2010 Annual Report
1a.Objectives (from AD-416)
1)Discover and develop management strategies for mitigating pre-harvest microbial-derived off-flavors in fish cultured in re-circulating aquaculture systems (RAS) to help reduce off-flavor delayed harvest.
2)Discover and conduct primary development of novel natural and natural-based compounds for controlling disease causing microorganisms in pond-based production systems.
1b.Approach (from AD-416)
Isolate and identify the microorganisms responsible for the most common environmental off-flavors in finfish cultured in recirculating aquaculture systems (RAS). Perform laboratory physiology studies on the off-flavor microorganisms to determine the environmental and nutritional conditions that favor growth and production of the off-flavor compounds. Conduct depuration studies to identify factors such as adipose content of the fish flesh and fish size that may affect depuration rates. Perform efficacy studies to determine if activated carbon filtration can be utilized to reduce levels of the off-flavor compounds in the RAS water and subsequently in fish flesh. Determine the efficacy of antifouling coatings to reduce biofilm formation on RAS culture tank walls and subsequently reduce levels of microbial off-flavor compounds in RAS-cultured fish. Conduct bacterial bioassays to identify natural or natural-product based compounds as potential leads for use in managing diseases in catfish aquaculture. Perform primary development of promising natural compounds identified from bacterial bioassays for use as therapeutic drugs to manage common catfish diseases and improve catfish health.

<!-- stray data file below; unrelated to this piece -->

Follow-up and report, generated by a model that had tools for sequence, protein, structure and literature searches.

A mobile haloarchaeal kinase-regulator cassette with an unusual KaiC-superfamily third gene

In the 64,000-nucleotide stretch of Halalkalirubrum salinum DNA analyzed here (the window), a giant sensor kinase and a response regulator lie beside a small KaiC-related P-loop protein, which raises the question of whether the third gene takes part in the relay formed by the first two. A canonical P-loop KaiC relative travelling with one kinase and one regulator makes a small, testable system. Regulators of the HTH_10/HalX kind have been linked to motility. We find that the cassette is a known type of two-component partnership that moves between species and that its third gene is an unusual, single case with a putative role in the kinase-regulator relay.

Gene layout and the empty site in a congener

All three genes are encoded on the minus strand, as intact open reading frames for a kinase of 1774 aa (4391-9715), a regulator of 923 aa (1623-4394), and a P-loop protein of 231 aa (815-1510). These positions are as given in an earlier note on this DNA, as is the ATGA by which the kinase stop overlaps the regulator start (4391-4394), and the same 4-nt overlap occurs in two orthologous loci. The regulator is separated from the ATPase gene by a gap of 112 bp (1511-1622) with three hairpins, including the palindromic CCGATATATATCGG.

In 2009-2010, several species of odorous bacteria were isolated from organic matter obtained at different locations within a series of recirculating aquaculture systems (RAS) at the research facility located at The Conservation Fund Freshwater Institute, Shepherdstown, West Virginia. These novel isolates of odor-producing bacteria were determined to be contributors to the earthy-musty off-flavor in the RAS-cultured rainbow trout. The identification of the microbial sources of earth-musty taints in RAS-cultured fish is the first step in the development of methods to mitigate the earthy-musty off-flavor problems that may occur in RAS-cultured finfish.
In collaboration with the University of Naples Federico II, Portici, Italy, two compounds produced by certain plants were discovered to inhibit the growth of disease-causing bacteria in pond-raised channel catfish. These natural compounds may eventually be useful as therapeutants and alternatives to current management approaches (e.g., medicated feed containing antibiotics) to manage and prevent common bacterial diseases in cultured channel catfish.
Schrader, K. 2010. Plant Natural Compounds with Antibacterial Activity Towards Common Pathogens of Pond-Cultured Channel Catfish (Ictalurus punctatus). Toxins. 2:1676-1689.
Bialonska, D., Kasimsetty, S.G., Schrader, K., Ferreira, D. 2009. The Effect of Pomegranate (Punica granatum L.) Byproducts and Ellagitannins on the Growth of Human Gut Bacteria. Journal of Agricultural and Food Chemistry. 57:8344-8349.